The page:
The Irish Naming Pattern
The Irish Naming Pattern is considered to be a fairly solid way of working with family units you have created, certainly up to the time of the famine (1845 - 50). My own work had already found a similar pattern and after the famine it became harder to use this system but it still works in many cases and should not be ignored. The case for women being named in the same way is less strong but does nevertheless exist in early families. You need to use it because there is precious little connecting one generation to another before 1860/3 and state registration.
My surname is not so common but in one area of Tipperary, its origins Clare and another area of Cork there are hundreds of people with the same surname. I have 5 Patricks born within a 5 year span, within short walking distance of each other. Which is which? Using the naming pattern helps a lot, even if it removes a couple from the equation it helps?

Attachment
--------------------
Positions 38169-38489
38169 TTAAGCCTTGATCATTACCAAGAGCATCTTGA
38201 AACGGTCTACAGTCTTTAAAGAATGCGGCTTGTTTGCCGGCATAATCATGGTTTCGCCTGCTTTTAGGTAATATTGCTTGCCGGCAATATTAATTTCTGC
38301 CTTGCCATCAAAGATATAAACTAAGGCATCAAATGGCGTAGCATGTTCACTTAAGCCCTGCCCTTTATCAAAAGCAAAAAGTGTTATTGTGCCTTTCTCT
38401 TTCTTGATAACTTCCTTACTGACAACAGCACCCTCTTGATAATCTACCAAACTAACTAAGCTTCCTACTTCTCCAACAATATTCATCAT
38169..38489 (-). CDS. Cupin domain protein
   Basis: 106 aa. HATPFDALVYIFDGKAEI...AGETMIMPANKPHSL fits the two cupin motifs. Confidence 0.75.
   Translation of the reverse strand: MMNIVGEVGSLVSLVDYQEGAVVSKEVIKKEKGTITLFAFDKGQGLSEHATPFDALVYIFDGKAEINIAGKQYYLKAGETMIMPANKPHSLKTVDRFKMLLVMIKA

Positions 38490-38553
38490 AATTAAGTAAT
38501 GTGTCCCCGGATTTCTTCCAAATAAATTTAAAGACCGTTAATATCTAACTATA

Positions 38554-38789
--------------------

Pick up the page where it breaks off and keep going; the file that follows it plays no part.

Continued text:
Name Conservation is also useful
Look for repeats of names in a family group. If it is an important name it will be repeated, especially within one family, if an infant dies during the time of the children being born, for both sexes.
Although many names are repeated ad nauseam a pattern can emerge through the generations. I have had good success with names like Denis, Stephen, Richard, Andrew and Hyacinth.... yes, and he called his son Hyacinth too, Hicanthus in Latin. ( the son changes his name to Cent or Saint later - maybe it should have been scent? ).
A second son often introduced a new name - I have a stream of Rodys / Rogers but only from one occurrence as a second child in that line.
Once a name is used in a family, it can repeat but over time but there becomes a divergence. I have two strands with Pat, Tim and James in both sides but other names like William and Denis are only on one side. Recognising the flow of names can help a lot.
Seamus Crowe Website2021